Incredible geological features have formed on this planet as result of water current, natural erosion, volcanic eruptions and meteor crashes. If you’re curious about some of the most striking ones, here’s a look at five stunning geological wonders you need to experience in person.

The Blue Hole, Belize

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This top dive site in Belize is nearly 1,000 feet across and just over 400 feet deep. Its formation can be traced back to the karstification of limestone. During the last ice age, sudden rising seawaters flooded the cavern, submerging its near perfect sphere. It gained popularity in the diving community thanks to Jacques Cousteau, who came to explore Belize and what lies below the Blue Hole. It’s also part of the Belize Barrier Reef System, which is a UNESCO World Heritage Site.

Today, scuba divers flock to the Blue Hole to explore the massive stalagmites and stalactites. If you’re not a diver, you can still experience the beauty of the Blue Hole by booking a tour through either Tropic Air or Maya Island Air. For a really unique experience, you can even take a helicopter over the Blue Hole.

Antelope Canyon, Arizona, United States

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Located in Arizona, Antelope Canyon is one of the most beautiful canyons you can visit in the world. Its Navajo name is Tsé bighánílíní, which means "the place where water runs through rocks." This slot canyon was created by rock erosion and flash floods from above. The speeding water and sand helped carve out and smooth the edges of this canyon, creating the wider areas seen today.

Antelope Canyon sits on Navajo land, and as such, you can only visit in guided tours, which are limited per day. If you want the more private tour for photographers, you’ll want to book as far ahead as possible, as they do sell out daily.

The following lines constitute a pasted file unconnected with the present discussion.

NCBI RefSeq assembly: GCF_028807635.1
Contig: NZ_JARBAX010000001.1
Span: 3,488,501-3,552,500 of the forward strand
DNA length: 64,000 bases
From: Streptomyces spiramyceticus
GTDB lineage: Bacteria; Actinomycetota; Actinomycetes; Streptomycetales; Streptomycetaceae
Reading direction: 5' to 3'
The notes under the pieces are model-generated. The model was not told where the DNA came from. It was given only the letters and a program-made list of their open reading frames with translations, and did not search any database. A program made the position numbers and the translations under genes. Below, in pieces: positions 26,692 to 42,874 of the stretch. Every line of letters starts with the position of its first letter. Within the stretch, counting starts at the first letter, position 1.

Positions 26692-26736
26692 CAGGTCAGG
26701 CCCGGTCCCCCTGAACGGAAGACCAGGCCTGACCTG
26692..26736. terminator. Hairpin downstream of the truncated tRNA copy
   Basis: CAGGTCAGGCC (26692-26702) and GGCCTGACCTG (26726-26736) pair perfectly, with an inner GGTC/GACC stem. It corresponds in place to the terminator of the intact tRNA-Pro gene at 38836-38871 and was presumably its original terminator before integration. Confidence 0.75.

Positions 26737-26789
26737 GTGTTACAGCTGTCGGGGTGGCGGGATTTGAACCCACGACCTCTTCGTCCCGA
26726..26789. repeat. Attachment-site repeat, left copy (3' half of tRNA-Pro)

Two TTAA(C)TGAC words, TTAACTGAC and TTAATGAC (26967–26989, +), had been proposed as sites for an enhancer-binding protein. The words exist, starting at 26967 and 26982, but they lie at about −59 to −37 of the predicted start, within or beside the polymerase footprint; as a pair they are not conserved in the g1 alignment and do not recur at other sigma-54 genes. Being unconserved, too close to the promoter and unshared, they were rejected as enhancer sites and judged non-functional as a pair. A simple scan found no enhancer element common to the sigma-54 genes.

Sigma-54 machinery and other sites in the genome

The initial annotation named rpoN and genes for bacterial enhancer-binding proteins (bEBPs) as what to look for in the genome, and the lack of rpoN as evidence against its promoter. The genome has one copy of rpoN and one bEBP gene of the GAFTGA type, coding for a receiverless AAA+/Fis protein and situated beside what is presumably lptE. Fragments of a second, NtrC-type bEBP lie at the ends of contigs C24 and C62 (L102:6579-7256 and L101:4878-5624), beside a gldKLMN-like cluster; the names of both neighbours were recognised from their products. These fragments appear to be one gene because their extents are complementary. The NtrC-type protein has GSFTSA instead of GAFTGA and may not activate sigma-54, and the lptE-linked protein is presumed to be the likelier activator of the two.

Grand Prismatic Spring, Wyoming, United States

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If it’s a rainbow of colors you are after, the Grand Prismatic Spring in Wyoming is hard to beat. The largest hot spring in the United States, Grand Prismatic Spring is known for its eye-catching colors, a rainbow courtesy of the microbial mats around the edges of the water. The chlorophyll to carotenoid ratio of those mats results in the different colors you see above, ultimately displaying shades of red, orange, yellow and blue.

Pamukkale, Turkey

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Located in Western Turkey, Pamukkale is renowned for its travertine terraces and thermal hot springs. The travertine is formed from calcium carbonate sediment that builds up and deposits in the hot springs water. When the calcium dioxide degasses, the gorgeous terraces with flowing water is what’s left. Pamukkale became a UNESCO World Heritage Site in 1988. Combine your visit to Pamukkale with Hierapolis, which is a Greek-Roman spa city.

Chocolate Hills, Philippines

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Located in the Philippines, there are over 1,200 “Chocolate Hills," geological features that get their name from the brown color they turn during dry season. They are rather unique in appearance, and when you see them from the viewing deck, it seems like they never end. The creation of these hills has baffled many geologists who are unsure of how they formed.

One of the commonly accepted theories is that marine limestone that sits on top of hardened clay weathered away for thousands of years, forming the tasty-sounding hills. The Chocolate Hills were added as a UNESCO World Heritage Site in 2006. For some of the best views, head to Carmen and Sagbayan, both of which have resorts with viewing platforms.